In high school sports, one of the most sure-fire ways coaches at a smaller classification school can prepare their teams for a deep run in the playoffs is to schedule tough opponents in their respective class and from larger classifications.
Windermere Prep boys basketball coach Brian Hoff takes that philosophy seriously, and despite a rocky start, it paid dividends for his team last season.
“We went through a lot of adversity in the regular season last year,” Hoff said of his team. “We especially did not play our best basketball early on.”
Of the 32 games the Lakers played in the 2022-23 season, they only faced three teams with records below the .500 mark. The combined record of the eight teams that beat Windermere Prep was 165-64. Of those eight, four were in a higher classification and none had a losing record.
“We lost some games, but we eventually found our identity, and that started on the defensive end,” Hoff said. “We became really tough to score on each night. On offense, we had some guys (who) could make shots. … And that allowed us to make a nice run there at the end.”
Given its tough schedule, a 24-8 record and a FHSAA Class 3A state runner-up finish, Hoff may be underselling just how nice of a run his squad was able to make last season. Even more impressive: The Lakers were able to achieve all of this with only two seniors on the roster, and their two best players — Brandon Bass Jr. and Sinan Huan — were freshmen.
“Brandon was our go-to guy on offense last year, and Sinan was our go-to guy on the defensive end last year,” Hoff said. “It says a lot about these two, that as freshmen they were our go-to guys on either side of the floor.”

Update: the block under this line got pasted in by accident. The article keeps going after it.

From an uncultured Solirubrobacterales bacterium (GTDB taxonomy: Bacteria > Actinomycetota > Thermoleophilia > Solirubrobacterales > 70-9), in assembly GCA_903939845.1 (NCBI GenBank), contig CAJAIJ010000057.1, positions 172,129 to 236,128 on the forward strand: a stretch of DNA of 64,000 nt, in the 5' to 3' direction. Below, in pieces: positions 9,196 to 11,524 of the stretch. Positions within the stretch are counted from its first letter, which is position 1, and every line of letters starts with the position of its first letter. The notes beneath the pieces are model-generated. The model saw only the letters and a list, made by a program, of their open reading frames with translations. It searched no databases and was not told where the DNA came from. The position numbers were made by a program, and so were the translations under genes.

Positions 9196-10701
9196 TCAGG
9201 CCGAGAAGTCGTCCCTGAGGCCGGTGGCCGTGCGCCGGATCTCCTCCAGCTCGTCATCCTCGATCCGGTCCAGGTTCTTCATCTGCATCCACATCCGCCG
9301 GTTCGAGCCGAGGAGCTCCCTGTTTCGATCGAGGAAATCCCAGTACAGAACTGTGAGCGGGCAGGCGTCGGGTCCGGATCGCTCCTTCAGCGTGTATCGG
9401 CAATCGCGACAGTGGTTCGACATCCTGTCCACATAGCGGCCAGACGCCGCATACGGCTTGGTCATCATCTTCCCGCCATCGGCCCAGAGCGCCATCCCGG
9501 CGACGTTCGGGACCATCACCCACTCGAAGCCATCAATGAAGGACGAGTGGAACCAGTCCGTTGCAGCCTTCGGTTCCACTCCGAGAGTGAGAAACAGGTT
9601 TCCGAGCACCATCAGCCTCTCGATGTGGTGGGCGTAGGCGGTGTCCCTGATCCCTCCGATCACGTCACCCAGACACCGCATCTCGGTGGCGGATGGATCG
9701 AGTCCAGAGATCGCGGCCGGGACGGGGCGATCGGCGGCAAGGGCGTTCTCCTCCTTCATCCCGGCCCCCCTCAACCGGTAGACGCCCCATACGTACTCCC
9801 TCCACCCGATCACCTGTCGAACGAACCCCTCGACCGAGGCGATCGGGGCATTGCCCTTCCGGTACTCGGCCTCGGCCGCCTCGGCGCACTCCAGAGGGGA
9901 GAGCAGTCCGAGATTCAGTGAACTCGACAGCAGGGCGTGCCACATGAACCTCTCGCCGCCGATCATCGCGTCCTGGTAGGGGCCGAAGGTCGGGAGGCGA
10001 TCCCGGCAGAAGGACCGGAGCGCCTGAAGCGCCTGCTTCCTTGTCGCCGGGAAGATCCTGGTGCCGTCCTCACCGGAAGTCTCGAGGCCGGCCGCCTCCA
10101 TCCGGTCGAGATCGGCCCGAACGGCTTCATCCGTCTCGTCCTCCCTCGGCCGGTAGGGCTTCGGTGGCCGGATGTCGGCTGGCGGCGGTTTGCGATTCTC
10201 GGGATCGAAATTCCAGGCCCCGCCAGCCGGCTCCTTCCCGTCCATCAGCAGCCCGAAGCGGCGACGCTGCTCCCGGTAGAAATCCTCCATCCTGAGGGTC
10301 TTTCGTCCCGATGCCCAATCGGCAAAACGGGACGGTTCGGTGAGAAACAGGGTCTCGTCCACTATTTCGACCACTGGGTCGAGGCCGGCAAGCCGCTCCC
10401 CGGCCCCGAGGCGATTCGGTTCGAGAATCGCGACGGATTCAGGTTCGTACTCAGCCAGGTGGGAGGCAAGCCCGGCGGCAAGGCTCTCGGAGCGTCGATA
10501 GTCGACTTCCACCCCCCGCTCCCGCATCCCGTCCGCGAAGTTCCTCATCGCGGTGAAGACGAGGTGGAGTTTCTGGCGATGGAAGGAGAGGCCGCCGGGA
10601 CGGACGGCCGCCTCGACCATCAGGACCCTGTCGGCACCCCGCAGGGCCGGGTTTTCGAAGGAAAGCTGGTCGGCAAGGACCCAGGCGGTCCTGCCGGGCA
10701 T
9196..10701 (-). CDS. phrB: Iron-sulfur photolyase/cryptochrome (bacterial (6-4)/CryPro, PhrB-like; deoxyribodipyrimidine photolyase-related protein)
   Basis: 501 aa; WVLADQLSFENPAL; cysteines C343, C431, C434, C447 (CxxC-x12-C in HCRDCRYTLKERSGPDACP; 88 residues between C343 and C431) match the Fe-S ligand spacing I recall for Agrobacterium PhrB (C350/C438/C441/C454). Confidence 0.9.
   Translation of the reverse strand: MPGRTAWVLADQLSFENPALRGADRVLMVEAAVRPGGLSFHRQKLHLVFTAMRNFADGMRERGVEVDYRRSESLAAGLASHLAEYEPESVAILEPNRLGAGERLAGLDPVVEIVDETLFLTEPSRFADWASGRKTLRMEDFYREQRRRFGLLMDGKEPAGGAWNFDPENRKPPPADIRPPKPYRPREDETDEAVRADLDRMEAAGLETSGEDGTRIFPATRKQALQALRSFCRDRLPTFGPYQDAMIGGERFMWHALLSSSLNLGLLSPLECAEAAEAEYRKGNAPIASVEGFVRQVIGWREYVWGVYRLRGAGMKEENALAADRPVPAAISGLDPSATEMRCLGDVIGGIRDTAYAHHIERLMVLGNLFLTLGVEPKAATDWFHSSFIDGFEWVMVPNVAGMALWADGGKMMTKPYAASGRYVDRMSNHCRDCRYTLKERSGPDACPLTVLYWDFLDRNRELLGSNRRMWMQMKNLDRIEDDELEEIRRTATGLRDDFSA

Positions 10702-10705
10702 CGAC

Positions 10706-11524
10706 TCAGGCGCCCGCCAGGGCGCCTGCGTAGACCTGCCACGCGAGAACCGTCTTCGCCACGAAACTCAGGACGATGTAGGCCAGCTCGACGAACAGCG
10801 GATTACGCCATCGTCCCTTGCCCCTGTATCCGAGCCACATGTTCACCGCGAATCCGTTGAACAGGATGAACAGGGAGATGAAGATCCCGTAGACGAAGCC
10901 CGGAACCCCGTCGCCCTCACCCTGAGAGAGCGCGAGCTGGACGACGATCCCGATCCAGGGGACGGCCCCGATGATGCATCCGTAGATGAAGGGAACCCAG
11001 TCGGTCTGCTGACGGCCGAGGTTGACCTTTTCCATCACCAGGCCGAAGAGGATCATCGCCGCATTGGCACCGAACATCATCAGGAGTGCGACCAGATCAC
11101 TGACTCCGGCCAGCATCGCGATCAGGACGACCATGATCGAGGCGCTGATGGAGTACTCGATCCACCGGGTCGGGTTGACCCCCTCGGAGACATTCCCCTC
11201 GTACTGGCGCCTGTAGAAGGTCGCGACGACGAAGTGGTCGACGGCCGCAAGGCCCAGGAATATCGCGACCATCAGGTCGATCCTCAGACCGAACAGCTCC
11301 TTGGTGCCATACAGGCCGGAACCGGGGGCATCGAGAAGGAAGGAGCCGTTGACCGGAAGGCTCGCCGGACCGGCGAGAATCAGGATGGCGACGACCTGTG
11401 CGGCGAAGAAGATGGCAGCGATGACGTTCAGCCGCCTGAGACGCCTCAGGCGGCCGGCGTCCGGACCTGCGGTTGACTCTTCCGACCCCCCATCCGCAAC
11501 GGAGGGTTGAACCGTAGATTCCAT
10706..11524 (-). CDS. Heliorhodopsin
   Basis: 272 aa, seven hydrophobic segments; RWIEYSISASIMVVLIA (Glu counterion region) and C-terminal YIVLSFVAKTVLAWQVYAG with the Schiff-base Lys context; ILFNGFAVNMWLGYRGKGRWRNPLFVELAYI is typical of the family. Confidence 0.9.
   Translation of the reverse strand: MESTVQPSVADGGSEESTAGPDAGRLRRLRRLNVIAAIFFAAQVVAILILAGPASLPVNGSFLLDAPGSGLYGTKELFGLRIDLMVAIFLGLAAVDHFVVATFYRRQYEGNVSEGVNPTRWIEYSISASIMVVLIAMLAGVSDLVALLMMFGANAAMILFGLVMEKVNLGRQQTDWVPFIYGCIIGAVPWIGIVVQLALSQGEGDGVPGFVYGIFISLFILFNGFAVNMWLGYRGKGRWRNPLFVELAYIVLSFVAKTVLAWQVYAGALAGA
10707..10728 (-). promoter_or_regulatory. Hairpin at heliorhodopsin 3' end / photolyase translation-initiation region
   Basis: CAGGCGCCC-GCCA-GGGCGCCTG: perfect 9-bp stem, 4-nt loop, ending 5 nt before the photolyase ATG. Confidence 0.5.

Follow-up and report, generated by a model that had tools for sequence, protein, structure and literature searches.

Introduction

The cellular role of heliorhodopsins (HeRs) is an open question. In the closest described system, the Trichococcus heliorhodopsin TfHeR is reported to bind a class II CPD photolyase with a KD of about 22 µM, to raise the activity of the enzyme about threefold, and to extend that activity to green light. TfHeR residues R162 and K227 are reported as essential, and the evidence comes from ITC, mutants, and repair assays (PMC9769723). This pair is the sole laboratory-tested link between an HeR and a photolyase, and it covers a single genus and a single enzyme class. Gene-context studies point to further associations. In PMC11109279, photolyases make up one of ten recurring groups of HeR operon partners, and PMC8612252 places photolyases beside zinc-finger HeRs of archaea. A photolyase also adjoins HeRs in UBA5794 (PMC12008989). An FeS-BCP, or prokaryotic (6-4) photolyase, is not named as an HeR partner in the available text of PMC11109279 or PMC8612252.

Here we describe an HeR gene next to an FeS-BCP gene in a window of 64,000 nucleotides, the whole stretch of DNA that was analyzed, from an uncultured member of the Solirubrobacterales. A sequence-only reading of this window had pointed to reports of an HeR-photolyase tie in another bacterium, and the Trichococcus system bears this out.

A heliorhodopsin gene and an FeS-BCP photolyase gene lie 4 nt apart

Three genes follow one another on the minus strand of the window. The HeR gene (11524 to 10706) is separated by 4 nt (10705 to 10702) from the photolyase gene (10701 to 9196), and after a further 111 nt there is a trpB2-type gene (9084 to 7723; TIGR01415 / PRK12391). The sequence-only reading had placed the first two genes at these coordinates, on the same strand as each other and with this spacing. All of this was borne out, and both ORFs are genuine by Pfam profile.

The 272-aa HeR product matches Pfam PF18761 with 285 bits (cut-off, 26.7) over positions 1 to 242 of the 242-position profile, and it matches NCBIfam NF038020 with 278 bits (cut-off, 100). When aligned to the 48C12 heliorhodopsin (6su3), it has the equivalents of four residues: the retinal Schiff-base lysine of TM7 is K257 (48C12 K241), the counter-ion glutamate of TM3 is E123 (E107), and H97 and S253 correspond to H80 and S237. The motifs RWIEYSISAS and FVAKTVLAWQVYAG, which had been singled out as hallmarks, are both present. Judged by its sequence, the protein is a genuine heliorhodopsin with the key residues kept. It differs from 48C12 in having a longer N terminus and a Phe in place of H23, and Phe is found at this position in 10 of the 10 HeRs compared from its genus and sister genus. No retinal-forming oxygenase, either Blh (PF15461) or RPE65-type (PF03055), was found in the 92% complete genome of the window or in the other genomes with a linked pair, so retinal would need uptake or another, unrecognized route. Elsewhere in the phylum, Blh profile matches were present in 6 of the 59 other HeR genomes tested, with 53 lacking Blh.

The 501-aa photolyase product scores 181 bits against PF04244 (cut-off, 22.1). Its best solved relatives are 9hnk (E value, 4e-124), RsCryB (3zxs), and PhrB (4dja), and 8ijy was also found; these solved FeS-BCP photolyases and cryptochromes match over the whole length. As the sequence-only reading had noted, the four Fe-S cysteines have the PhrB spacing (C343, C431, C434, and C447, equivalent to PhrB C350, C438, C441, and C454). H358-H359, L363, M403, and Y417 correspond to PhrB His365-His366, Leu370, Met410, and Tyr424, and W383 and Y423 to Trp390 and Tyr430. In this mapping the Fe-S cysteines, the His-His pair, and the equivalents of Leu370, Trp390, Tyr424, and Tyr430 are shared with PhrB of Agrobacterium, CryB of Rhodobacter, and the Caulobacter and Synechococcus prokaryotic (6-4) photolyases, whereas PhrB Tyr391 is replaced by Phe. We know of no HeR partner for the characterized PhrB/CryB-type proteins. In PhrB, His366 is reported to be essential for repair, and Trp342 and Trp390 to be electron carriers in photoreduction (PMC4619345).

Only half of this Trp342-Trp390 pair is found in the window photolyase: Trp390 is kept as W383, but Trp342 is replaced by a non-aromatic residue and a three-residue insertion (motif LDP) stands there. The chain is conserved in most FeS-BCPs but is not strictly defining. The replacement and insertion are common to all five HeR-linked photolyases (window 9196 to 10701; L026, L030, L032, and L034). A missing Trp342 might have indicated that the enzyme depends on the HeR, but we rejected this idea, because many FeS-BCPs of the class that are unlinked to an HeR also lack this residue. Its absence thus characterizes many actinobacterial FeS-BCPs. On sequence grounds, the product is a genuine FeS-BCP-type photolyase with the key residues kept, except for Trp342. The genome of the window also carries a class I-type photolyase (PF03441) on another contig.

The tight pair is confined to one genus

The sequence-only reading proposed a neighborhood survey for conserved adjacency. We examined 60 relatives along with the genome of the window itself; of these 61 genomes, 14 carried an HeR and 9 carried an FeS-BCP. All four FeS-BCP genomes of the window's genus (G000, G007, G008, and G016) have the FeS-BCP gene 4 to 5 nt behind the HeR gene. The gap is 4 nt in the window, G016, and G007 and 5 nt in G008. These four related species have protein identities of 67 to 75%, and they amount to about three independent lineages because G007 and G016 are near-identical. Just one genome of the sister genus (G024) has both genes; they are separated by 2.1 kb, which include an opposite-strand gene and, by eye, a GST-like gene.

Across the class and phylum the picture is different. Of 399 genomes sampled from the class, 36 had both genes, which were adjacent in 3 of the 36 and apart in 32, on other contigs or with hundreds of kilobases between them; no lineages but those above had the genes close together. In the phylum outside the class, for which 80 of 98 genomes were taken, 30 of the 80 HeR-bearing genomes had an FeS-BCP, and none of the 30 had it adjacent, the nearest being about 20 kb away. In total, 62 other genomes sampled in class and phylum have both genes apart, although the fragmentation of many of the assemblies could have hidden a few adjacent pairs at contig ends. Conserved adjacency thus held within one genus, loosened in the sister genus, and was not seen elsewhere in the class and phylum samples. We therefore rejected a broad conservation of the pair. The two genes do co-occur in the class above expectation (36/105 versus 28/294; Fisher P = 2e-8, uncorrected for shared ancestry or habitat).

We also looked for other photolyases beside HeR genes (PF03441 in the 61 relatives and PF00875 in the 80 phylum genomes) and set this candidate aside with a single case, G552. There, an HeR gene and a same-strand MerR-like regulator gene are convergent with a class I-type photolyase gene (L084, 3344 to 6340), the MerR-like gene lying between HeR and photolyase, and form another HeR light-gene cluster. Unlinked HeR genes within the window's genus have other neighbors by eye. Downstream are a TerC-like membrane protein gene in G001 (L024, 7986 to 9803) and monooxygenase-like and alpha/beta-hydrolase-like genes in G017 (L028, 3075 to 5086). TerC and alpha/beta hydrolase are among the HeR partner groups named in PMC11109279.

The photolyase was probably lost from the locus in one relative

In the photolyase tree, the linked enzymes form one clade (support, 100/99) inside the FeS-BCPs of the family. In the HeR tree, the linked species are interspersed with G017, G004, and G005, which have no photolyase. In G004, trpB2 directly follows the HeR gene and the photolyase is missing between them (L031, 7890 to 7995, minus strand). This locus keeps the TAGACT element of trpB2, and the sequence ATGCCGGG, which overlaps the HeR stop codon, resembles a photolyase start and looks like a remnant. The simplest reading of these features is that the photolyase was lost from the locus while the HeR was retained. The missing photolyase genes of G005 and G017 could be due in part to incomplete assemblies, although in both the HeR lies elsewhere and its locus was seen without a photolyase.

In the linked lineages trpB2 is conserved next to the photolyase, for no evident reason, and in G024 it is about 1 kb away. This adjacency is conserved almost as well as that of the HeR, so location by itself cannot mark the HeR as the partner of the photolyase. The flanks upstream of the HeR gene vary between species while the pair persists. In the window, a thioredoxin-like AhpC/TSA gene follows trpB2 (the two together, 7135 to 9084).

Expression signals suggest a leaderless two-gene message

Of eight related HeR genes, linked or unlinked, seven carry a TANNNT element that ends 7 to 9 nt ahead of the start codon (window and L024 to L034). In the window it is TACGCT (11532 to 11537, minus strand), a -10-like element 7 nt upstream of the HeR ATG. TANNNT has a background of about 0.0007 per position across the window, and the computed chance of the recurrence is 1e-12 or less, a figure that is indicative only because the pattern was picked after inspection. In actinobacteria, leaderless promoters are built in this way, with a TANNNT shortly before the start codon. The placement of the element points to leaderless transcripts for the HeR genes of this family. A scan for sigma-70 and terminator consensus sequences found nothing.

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Brandon “The Bucket” Bass Jr.
Bass is a 6-foot-5 wing with NBA bloodlines — the son of former Orlando Magic player Brandon Bass — who is by every measure a certified bucket.
“Brandon has all the potential in the world,” Hoff said. “He works his tail off. He’s a natural-born scorer who is very difficult to defend. When you have a guy who can shoot the ball from well beyond the three-point line and also drive it to the hoop, it’s tough to stop. He’s athletic, and he’s a skilled finisher, as well. It’s just difficult to guard a guy like him.”
In his first full season as a varsity basketball player, Bass led the Lakers in scoring with 17.4 points per game and scooped up 3.8 rebounds. His success led him to be selected as the Class 3A, District 11 player of the year.
The scary thing is, he still has a lot of room to improve as a player and leader.
“I just want to take what I learned from the people on last season’s team and before last year and … be like them for this team,” Bass said. “I feel like personally, for me to be a leader, I need to get my teammates going by keeping a good energy.”
Over the summer, Bass also has improved on the court.
“I got better at playmaking, and I think I got better at rebounding, too,” he said. “I really focused on those two areas of my game this summer, and I’m going to do that better this season.”
Bass already has offers from the likes of LSU, Stanford, UCF, Houston and others.